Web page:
is an African Great Lake wedged between Malawi, Tanzania and Mozambique. Estimated at 360 miles long and 47 miles wide, it is the fifth-largest lake in the world and second largest in Africa. There are many interesting facts about Lake Malawi but we are only going to focus on a few. The lake was discovered by Dr. David Livingstone by late 16th century, a Scottish missioner. He named it Lake of Stars because of its stunning sparkles when the sun is rising.
Its national park is located at the southern tip and it’s called Lake Malawi National Park. In 1984, UNESCO inscribed as a World Heritage. The beaches are natural and beautiful attracting people from around the world if they are able to locate it on the map.Some of the most important activities offered by the local resorts include snorkeling, boat riding, kayaking, scuba diving, sailing, camping, water skiing, trips to the islands, beach football, and many other water activities.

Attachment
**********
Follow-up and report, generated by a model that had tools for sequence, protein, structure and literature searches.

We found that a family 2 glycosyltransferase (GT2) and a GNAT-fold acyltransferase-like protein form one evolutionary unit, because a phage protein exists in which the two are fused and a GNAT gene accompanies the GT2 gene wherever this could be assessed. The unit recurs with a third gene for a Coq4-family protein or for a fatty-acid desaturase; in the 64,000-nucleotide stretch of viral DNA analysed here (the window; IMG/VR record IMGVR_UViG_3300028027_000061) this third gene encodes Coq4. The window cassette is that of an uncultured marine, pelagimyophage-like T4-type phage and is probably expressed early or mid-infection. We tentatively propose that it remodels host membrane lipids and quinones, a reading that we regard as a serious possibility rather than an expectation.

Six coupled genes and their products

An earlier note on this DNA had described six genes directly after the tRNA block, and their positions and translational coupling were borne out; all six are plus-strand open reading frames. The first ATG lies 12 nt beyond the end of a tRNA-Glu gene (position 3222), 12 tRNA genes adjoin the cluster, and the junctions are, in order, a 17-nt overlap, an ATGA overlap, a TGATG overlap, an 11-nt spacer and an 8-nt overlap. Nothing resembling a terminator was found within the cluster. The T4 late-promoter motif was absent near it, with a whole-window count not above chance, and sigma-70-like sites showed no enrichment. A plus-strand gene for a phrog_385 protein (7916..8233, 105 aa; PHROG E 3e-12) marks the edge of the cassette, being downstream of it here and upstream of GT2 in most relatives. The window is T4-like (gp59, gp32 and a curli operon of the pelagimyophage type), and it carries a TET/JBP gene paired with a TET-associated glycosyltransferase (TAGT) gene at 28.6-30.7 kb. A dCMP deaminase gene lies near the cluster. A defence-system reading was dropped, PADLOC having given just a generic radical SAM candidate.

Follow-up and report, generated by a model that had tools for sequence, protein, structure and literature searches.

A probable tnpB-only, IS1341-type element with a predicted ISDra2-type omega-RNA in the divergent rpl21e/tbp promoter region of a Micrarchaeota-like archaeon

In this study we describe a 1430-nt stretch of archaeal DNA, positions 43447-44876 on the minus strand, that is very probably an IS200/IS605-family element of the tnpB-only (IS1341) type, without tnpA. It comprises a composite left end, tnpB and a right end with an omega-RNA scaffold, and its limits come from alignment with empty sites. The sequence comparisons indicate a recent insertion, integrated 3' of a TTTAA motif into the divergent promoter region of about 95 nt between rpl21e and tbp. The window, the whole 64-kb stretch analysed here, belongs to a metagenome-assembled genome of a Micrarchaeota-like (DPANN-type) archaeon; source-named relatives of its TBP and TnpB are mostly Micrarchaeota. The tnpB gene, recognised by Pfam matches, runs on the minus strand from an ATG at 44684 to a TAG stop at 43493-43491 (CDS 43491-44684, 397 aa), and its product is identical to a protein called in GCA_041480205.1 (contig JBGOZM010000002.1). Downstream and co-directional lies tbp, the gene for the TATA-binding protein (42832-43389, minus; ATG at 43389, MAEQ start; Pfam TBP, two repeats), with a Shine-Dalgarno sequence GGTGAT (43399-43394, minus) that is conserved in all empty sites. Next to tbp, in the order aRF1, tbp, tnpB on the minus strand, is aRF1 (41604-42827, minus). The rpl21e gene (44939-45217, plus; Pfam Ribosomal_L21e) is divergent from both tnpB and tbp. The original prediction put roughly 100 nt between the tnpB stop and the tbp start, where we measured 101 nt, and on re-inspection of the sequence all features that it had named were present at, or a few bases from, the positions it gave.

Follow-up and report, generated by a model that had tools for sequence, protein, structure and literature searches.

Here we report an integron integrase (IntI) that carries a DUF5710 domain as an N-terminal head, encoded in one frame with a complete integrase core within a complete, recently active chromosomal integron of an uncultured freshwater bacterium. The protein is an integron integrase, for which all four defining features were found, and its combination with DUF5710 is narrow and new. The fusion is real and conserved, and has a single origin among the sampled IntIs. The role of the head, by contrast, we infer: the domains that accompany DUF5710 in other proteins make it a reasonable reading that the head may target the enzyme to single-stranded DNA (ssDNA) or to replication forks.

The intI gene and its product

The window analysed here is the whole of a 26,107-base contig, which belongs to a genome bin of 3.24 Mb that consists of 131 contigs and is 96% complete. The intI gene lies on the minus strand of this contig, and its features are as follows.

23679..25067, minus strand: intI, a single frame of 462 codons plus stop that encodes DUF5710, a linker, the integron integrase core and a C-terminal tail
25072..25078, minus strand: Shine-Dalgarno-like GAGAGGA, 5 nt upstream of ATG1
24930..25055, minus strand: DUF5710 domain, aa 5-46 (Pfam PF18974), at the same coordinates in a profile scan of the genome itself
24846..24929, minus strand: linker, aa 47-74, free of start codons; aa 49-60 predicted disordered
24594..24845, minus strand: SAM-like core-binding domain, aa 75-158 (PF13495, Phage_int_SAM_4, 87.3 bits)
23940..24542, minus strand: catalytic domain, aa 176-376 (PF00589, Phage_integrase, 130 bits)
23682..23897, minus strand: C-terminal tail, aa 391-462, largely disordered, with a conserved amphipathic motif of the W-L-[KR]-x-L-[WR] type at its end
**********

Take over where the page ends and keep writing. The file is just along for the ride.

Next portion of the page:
Some of the most important wildlife found in and around Lake Malawi include hippopotamus, Nile crocodiles, monkeys, and fish eagles. Important bird species include herons, kingfishers, and cormorants. Other animals from around the lake include baboons, antelopes, and hyrax. The natives along the lake are very welcoming to tourists just like any parts of the country, truly living up to their nickname, The Warm Heart of Africa.
Lake Malawi is home to more species of fish than any other lake, including about 1000 species of cichlids. Many cichlid species from Lake Malawi are very popular among aquarium owners, because of their bright colors. My first encounter of some of these cichlids was in Issaquah, Washington. I went to a local pet store to check out a girl that worked there and I happened to like. While reading a sticker on one of the aquarium tanks, I saw something say “from Lake Malawi.”